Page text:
The Newsletter 64 Summer 2013

Exploring inclusive Chineseness: neighbourhoods

Wim Haagdorens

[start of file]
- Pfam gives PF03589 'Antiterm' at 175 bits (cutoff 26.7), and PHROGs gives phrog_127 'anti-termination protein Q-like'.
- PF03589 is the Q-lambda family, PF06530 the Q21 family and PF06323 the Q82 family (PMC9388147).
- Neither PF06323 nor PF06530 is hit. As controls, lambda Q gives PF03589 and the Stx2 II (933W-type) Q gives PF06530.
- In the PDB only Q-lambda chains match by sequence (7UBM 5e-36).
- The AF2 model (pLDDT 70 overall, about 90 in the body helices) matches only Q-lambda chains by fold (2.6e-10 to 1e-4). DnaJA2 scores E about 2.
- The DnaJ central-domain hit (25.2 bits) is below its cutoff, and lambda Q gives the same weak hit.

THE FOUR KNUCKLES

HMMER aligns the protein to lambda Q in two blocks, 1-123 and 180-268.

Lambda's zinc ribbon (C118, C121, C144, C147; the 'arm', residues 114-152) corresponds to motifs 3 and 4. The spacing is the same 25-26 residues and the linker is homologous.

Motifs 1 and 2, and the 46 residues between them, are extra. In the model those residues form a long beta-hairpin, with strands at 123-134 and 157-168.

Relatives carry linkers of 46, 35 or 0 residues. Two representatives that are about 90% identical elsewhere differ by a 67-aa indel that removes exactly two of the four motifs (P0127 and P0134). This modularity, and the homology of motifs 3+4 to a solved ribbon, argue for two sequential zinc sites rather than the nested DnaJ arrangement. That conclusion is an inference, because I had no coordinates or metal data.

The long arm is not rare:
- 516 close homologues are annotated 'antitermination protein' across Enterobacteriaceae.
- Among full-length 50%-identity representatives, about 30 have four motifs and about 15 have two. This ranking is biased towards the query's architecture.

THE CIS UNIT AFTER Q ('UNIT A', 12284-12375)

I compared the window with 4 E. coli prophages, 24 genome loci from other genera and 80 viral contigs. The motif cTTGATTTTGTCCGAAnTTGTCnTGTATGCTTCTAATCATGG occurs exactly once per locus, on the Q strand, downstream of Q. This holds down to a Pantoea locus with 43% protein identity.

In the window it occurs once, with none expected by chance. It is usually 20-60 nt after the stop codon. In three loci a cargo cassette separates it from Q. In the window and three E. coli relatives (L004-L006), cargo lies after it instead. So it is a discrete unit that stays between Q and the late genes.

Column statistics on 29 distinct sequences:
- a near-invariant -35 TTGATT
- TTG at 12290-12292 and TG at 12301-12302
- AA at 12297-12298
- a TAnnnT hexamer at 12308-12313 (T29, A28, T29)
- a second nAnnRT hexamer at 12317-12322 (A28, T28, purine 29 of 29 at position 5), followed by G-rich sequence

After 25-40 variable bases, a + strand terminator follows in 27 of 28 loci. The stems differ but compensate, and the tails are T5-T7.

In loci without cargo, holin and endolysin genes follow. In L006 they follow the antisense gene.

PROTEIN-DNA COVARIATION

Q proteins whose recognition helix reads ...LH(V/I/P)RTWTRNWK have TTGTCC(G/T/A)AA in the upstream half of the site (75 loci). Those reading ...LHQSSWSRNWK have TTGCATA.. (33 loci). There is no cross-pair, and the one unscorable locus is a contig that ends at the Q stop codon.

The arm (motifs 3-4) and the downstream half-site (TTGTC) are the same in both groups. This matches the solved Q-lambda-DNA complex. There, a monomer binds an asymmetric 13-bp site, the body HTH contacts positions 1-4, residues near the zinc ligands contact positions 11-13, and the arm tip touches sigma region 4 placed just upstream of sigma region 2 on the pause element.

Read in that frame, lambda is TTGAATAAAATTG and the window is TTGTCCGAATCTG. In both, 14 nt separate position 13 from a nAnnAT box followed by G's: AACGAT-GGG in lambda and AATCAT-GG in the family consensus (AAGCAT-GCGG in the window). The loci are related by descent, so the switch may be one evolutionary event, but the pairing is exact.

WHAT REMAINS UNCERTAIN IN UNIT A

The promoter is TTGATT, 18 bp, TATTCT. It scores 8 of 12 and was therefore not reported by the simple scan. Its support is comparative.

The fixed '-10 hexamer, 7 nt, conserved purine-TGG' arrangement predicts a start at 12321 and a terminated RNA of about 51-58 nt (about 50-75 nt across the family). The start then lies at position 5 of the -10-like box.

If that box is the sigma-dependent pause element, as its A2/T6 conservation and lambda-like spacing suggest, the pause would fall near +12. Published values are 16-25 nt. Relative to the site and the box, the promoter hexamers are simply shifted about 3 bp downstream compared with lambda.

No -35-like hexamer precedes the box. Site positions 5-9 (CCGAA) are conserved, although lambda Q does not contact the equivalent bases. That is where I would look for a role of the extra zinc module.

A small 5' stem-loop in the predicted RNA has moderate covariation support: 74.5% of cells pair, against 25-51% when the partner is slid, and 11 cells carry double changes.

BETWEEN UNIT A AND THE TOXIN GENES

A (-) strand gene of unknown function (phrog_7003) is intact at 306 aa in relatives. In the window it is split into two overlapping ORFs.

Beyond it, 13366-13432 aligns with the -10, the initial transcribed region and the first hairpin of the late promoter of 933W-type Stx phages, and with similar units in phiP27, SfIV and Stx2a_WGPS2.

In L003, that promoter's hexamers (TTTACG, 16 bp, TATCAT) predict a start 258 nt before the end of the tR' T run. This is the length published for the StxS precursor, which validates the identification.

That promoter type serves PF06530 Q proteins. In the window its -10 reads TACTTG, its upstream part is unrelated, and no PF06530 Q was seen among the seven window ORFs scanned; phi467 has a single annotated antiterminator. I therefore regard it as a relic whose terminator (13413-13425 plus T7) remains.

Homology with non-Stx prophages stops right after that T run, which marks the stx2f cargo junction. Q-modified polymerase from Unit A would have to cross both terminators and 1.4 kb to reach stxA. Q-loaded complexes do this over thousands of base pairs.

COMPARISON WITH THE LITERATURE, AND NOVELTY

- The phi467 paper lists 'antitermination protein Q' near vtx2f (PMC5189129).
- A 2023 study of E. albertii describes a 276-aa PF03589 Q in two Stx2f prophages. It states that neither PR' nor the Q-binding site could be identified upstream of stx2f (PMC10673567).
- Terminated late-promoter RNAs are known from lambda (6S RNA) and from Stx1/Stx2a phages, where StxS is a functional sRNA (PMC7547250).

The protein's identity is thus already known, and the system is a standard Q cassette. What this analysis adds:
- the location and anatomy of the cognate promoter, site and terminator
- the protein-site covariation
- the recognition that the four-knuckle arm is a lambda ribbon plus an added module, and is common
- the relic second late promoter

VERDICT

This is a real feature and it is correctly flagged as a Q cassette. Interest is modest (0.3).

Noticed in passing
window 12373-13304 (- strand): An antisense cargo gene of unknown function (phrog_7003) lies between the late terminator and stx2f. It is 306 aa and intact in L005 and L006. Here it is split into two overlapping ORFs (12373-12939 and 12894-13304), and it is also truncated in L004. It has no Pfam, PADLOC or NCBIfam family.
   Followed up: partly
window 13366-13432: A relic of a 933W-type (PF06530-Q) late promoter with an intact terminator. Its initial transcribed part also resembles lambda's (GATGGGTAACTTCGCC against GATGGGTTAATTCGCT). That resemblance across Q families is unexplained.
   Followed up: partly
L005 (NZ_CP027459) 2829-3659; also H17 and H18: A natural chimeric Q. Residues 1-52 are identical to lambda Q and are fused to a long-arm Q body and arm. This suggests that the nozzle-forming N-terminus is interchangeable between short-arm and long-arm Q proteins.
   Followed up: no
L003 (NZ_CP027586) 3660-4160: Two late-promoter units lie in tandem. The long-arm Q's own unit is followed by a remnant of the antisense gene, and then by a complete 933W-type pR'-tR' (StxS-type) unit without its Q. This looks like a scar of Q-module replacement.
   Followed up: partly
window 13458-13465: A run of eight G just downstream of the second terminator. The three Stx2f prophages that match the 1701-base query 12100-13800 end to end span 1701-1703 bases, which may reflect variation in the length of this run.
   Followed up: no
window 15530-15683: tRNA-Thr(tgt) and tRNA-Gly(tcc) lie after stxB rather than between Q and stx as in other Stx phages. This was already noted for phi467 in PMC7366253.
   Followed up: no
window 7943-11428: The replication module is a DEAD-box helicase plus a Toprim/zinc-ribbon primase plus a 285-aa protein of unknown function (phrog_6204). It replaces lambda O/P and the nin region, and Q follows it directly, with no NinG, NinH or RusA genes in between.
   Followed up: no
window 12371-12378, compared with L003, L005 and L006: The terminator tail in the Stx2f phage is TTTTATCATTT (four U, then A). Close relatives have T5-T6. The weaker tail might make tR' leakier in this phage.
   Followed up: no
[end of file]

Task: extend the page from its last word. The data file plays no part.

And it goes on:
In Deleuze and the Anthropology of Becoming, Biehl and Locke describe life in post-war Sarajevo. According to the authors, the diagnosis of collective trauma overlooks the discontentment about political and economic processes that cause (neo-liberal) deterritorialization of social life. Their approach is inspiring if one considers the consequences of rapid urbanisation in China: the deterritorialization of social and cultural life in entire neighbourhoods is often considered a necessary price for progress, whilst opposite views are judged conservative and unrealistic. Inspired by Deleuze for an ‘anthropology of becoming’, Biehl and Locke see agency in nostalgia, and give a voice to the memory of a less individualistic society.

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